Quin is a cheap, lightweight helmet with an integrated Bluetooth communications that doesn’t have wires, velcro speakers, dials, knobs or an exposed microphone, yet also detects a crash and sends for help.
They plan to start making them in May and ship in September.
The ECE and DOT-approved helmets will only cost $US300 (about $A390) for the McQ open-face helmet, $US350 ($A450) for the SpitFire full face and $US540 ($A700) for the 1270gram carbon full-face Ghost helmet.
That’s quite cheap considering some Bluetooth communicator units cost about the same. Those prices are introductory offers and may increase.
Quin helmet coms
Their unobtrusively integrated Bluetooth 4.0 communications system sits almost flush with the helmet shell. It includes wired-in speakers and microphone, even on the open-face model.
The absence of a boom mic for open-face helmets is a boon. Those boom mics get in the way.
However, we’ve tried integrated units before and found that permanently fixed speakers never quite line up with every rider’s ears. The result is low volume and tiny sound.
Quin Helmets technology runs off a lightweight Arch chip with upgradeable firmware via a charging plug at the back of the helmet.
Even with all the communications gear inside, the Ghost helmet weighs only 1270 grams.
There are button controls on the communications unit, but you can perform every function through Siri voice activation and an app.
What makes this different from other smart helmet concepts is the SOS function.
Sensors in the helmet will detect a crash and within six seconds send an emergency beacon of your exact GPS location to emergency services.
If the helmet is accidentally dropped, you can cancel the SOS beacon.
You can also manually contact emergency by pressing a button if another rider is down or you are in a dangerous situation such as being followed.
It also activates a “Blackbox” unit which records ambient sounds for evidence. It is connected via Bluetooth and has to be secure somewhere on your bike.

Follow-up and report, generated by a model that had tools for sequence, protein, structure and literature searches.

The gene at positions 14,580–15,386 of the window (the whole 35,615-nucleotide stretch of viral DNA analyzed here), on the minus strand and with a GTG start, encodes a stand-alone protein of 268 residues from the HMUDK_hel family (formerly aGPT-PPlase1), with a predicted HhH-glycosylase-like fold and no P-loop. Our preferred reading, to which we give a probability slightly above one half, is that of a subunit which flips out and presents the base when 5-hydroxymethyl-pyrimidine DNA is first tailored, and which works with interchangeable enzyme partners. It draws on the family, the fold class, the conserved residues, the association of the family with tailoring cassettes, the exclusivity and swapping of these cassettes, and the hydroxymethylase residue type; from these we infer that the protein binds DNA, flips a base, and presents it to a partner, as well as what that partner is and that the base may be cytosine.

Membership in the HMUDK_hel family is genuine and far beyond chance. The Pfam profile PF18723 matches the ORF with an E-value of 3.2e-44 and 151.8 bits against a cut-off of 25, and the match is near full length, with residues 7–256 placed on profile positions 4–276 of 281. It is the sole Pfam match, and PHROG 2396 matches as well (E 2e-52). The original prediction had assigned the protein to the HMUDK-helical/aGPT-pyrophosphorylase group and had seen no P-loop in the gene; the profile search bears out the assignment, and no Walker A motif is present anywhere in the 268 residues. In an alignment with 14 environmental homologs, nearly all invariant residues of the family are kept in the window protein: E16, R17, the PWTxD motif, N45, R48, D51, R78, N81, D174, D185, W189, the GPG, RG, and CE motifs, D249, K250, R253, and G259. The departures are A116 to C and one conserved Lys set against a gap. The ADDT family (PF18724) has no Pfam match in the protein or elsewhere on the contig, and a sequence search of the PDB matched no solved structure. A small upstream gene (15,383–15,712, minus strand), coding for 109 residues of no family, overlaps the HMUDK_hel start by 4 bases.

This personal safety feature would be particularly welcomed by lone female riders.
Company director Hannah Norling says the SOS response mechanism can be customised.
“Either you notify pre-set emergency contacts, or nearby Quin riders who can reach you in the shortest time,” she says.
“However, the latter feature will be increasingly useful as more riders use the Quin App and populate various geographies. We are working on country-specific integrations that will allow for direct response from EMS and Police.
“Notifying emergency contacts can be used universally, however calling EMS is not as universally helpful. So we are working on options by country, rolling out tailored options over time.”
A similar SOS function is now available on some BMW Motorcycles. It includes a phone call so you can speak with emergency services.
It’s called eCall and the EU has mandated it on all new cars and is expected to extend the mandate to motorcycles within the next few years.
Even motorcycle manufacturers such as KTM and BMW are planning to introduce smart helmets.
However, few have made it to market yet prompting a lot of scepticism.
One smart helmet company, Skully, raised millions in crowd funding only to blow it on fast cars and fast women. They never delivered to any customers and burnt financial backers.
However, Quintessential Designs is keen to dispel concerns.
Hannah says Quin Helmets will be made in partnership with a major helmet manufacturer in China, although she doesn’t name the company.
“Safety is our bottom line, so we have done everything we can to ensure we provide top quality at the most affordable price point,” Hannah says.
She also says their research and development, product tooling and factory testing have already been done. They only have their mobile phone app to finish before starting production in May.
Quintiseential Designs is a new company is Minnesota but also has a design and R&D centre in India.